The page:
For additional information on the Spanish major/minor at UC Merced, please visit the Spanish website.
For Spanish major/minor requirements, please consult your catalog.
The American Studies minor builds on the tradition of an interdisciplinary field of study that promotes a broad humanistic understanding of American culture, past and present. By incorporating economics, history, literature, sociology, art history, anthropology, ethnic studies and public policy (among other areas), this minor encourages students and faculty within those fields to exchange ideas on scholarship as it relates to the American experience. In addition, the American Studies minor seeks to move beyond traditional limitations of American Studies, by allowing students to take relevant courses in engineering or the natural sciences. Inclusion of these courses is based on the rationale that cultural practices often stem from our understanding of and research in those sciences.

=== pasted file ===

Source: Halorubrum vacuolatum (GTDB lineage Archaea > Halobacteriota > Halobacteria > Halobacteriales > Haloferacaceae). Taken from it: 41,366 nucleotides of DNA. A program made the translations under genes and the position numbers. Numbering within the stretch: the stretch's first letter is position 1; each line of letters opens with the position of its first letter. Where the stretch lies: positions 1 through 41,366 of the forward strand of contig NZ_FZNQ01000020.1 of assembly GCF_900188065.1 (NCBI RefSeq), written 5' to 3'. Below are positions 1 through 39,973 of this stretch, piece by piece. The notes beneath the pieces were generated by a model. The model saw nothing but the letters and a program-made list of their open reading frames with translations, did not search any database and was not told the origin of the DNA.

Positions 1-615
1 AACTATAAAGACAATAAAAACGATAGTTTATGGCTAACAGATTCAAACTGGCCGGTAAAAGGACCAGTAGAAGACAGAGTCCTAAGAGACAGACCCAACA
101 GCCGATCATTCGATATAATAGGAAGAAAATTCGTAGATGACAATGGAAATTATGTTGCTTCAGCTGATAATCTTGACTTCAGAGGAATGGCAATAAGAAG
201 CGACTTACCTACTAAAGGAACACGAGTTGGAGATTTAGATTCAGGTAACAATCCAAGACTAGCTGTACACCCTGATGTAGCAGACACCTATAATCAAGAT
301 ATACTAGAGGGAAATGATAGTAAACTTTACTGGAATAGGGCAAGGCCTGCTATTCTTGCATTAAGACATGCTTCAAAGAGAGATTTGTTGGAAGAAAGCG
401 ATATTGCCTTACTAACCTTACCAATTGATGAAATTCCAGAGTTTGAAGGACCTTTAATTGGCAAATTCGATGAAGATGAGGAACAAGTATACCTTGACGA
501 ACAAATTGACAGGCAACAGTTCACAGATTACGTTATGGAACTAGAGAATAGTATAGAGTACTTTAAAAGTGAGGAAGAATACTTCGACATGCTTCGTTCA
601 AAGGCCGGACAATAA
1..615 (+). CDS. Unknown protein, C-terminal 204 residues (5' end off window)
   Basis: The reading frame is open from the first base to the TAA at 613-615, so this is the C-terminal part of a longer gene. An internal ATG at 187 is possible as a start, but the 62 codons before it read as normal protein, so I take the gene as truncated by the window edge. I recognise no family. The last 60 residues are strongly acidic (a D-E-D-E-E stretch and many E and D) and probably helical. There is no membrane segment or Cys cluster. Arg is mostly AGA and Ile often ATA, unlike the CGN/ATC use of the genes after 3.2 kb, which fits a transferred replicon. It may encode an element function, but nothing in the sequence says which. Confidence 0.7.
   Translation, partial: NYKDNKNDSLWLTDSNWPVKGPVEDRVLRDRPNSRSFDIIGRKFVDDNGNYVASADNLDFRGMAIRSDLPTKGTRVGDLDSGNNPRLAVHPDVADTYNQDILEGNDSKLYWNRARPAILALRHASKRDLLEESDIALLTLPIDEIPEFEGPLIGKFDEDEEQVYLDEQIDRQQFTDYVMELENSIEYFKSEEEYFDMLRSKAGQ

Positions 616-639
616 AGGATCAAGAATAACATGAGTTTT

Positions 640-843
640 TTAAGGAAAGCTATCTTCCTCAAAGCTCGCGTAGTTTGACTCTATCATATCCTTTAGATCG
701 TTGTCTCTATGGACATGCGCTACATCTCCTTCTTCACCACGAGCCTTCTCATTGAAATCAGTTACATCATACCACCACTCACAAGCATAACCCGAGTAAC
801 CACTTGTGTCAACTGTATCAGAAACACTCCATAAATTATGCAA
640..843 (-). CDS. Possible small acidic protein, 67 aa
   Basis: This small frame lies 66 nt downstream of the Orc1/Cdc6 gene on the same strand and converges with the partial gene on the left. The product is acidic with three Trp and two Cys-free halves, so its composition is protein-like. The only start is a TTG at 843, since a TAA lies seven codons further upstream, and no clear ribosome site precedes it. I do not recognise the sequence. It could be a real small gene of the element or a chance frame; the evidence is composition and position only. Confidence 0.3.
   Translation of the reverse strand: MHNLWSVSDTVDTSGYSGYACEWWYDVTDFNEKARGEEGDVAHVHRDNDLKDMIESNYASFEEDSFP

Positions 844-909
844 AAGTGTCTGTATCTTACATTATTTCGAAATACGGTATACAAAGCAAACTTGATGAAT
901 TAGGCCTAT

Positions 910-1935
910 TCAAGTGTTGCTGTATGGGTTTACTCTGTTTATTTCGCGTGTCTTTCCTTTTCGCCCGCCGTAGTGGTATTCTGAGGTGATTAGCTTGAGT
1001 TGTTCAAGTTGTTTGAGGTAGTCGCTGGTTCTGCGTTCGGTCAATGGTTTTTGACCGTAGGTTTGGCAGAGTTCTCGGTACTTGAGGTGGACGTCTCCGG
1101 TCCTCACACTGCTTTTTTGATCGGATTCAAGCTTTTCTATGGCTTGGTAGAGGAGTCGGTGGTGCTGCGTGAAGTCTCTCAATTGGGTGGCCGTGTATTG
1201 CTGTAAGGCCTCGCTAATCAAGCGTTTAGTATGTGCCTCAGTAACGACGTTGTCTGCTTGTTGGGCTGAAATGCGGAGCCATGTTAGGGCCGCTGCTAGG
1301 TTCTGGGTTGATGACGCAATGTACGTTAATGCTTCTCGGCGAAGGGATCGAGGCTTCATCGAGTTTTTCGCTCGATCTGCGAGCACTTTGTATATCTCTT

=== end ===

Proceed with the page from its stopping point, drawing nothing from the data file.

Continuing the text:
For additional information on the American Studies minor at UC Merced, please visit the American Studies website.
For American Studies major requirements, please consult your catalog.